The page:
Research Papers

Alcohol and cannabis impaired driving among Atlantic Canadian high school students

Filename 2B-Jennifer-Heatley.pdf
Filesize 96 KB
Version 1
Date added May 8, 2011
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Category 2011 CMRSC XXI Halifax
Tags Session 2B
Author/Auteur Jennifer Heatley, Beth Bruce, Morris Green


PURPOSE Motor vehicle collisions (MVC) are one of the leading causes of death for Canadian youth. Previous research has demonstrated that many Atlantic Canadian youth have experienced MVC-related injuries or been at high risk of MVC-related injuries as a result of substance use. [1] The purpose of this study was to assess current attitudes towards alcohol and cannabis impaired driving and the prevalence of impaired driving among Atlantic Canadian high school students. METHODS During the 2009/2010 school year, four high schools each from Prince Edward Island (PEI) and Newfoundland (NL) and two high schools each from Nova Scotia (NS) and New Brunswick (NB) participated in the study Surveys were completed anonymously by 576 students. Data was analyzed using SPSS 17.0. Frequency distributions and chi square analysis were completed. RESULTS The average age of the youth was 15.9 years with the majority in Grade 10, slightly less than half were males and the majority were rural dwellers. Students reported that in the 3 months prior to being surveyed, 70% had consumed alcohol and 28% had used cannabis. Over 100 students (19%) reported they had been a passenger in a vehicle with a drinking driver in the past 3 months. Students themselves reported driving after drinking (4%) and driving while high (6%). Significant differences between provinces were not detected. With respect to attitudes, students reported that alcohol (88%) and drug use (80%) were more likely to result in a crash than distraction (71%), speeding (67%), fatigue (65%), and cell phone use (60%). Respondents felt that 28% of their peers would not be concerned with alcohol impaired driving and 40% would not be concerned with drug impaired driving. Less than half of students reported using seat belts regularly. CONCLUSION The study findings provide evidence of the significant number of students in Atlantic Canada who continue to drive impaired or ride with a driver who is impaired despite persistent efforts to establish safer driving behaviours. In addition, there are a significant proportion of students who underestimate the risk of such behaviour. These findings have important implications for school-based prevention programming and broader public policy.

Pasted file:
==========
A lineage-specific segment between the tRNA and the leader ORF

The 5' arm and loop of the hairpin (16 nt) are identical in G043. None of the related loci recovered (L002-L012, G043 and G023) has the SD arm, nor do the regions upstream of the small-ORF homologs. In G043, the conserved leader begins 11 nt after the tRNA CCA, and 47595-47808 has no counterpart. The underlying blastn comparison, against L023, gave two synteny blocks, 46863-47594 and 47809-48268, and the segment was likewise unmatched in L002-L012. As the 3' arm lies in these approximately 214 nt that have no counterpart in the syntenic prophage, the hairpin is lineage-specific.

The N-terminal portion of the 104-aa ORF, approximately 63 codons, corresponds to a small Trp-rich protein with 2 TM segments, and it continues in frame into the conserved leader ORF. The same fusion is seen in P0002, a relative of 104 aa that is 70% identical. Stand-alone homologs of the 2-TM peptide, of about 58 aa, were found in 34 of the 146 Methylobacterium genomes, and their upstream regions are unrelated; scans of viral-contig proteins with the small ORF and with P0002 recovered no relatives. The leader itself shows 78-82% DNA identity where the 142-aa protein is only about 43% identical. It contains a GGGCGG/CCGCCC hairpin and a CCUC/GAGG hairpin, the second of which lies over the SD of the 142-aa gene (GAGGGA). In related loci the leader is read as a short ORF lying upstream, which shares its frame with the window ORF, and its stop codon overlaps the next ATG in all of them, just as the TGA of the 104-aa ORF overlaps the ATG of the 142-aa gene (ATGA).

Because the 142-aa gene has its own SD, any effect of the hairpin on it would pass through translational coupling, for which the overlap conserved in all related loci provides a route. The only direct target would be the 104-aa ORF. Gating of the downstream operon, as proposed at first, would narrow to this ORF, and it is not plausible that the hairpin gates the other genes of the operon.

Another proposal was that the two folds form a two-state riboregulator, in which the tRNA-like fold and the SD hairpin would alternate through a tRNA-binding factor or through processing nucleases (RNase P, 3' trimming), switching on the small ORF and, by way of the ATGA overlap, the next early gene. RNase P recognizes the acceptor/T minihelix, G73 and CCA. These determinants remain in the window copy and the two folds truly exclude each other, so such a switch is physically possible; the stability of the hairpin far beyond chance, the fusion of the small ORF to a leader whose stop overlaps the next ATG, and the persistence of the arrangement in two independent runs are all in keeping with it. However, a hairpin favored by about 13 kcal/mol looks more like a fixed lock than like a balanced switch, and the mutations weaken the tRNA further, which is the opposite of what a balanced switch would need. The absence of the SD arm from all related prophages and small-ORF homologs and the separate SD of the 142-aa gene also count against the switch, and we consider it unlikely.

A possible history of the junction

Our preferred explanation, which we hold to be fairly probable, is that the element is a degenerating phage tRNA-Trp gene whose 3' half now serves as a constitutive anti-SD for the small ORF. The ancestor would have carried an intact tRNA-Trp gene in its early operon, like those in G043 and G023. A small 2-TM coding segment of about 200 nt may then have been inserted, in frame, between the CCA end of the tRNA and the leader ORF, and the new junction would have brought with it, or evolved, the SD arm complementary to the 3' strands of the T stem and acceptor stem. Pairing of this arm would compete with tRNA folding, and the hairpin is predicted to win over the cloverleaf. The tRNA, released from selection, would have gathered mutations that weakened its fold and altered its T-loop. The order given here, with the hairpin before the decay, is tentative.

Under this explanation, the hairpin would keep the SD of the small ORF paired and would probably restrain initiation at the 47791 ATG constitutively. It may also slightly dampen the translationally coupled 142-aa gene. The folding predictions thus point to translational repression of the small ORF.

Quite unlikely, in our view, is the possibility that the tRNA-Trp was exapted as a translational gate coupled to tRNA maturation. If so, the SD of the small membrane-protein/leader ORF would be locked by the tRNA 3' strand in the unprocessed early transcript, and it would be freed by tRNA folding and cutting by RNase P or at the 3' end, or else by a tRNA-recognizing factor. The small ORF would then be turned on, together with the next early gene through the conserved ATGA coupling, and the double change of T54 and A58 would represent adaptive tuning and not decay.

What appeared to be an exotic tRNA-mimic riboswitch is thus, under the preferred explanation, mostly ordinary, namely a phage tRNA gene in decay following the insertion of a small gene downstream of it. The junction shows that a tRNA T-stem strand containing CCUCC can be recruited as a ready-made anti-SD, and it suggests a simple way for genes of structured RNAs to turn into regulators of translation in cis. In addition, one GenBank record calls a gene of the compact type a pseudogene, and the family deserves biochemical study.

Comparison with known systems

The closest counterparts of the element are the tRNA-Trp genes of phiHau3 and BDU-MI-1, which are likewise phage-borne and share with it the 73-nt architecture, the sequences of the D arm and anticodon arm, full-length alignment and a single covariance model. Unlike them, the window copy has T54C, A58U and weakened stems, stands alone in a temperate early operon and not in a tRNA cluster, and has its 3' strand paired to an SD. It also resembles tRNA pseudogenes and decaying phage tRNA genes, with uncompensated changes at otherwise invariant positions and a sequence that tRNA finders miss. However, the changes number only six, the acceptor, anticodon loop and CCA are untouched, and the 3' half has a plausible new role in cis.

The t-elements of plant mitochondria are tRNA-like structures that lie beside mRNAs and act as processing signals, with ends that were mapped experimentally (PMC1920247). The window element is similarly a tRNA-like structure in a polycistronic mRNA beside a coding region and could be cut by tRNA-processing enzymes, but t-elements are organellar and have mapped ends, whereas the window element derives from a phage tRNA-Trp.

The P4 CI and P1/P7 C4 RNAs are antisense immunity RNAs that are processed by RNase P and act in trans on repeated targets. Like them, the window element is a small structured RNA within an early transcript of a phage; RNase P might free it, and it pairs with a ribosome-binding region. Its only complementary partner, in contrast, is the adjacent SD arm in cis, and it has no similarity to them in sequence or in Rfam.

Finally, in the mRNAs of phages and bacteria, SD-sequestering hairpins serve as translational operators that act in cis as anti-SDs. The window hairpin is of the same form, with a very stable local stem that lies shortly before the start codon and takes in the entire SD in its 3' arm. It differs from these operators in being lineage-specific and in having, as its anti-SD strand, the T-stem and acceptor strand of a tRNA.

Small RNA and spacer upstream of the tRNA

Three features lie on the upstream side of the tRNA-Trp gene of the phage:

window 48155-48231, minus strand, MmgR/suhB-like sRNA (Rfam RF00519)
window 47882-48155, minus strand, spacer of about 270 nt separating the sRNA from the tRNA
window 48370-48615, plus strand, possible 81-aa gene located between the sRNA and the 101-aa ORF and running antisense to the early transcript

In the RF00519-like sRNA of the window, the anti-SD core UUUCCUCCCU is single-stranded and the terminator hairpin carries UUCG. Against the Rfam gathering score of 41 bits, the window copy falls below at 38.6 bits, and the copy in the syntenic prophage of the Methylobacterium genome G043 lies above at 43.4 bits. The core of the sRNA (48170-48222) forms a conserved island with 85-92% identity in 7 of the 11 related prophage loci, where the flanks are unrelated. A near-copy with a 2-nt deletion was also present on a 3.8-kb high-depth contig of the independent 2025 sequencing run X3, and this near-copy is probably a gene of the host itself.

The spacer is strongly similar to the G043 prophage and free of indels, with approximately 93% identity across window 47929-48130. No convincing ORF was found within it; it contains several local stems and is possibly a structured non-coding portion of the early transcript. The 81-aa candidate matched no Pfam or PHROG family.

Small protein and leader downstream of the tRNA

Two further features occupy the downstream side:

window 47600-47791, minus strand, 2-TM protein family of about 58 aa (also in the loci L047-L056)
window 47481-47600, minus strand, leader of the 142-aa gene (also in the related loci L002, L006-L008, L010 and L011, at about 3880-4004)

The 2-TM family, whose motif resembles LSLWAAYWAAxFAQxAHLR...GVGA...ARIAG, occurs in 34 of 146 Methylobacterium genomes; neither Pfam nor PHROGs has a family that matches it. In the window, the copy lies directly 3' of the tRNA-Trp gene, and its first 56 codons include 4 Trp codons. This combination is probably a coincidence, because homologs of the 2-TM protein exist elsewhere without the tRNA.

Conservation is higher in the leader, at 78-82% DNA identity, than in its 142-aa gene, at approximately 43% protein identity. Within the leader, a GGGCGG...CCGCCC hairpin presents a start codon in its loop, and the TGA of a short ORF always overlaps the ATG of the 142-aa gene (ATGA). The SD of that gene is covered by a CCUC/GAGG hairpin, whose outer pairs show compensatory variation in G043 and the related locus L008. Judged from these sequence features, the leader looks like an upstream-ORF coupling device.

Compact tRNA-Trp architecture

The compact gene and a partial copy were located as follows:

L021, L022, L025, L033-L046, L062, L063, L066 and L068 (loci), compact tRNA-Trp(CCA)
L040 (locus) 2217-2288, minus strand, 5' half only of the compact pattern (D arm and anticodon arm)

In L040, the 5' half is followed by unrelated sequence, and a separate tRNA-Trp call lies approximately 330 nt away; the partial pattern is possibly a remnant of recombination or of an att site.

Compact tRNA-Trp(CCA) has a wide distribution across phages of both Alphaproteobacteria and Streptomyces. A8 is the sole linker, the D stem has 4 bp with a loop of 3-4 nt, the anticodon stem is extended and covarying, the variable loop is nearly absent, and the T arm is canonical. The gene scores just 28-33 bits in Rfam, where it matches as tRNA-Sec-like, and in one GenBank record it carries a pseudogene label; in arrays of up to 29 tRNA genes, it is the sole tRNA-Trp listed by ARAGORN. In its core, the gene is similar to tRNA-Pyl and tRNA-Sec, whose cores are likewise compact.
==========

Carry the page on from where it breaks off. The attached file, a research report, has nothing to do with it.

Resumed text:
Jennifer Heatley, Beth Bruce, Morris Green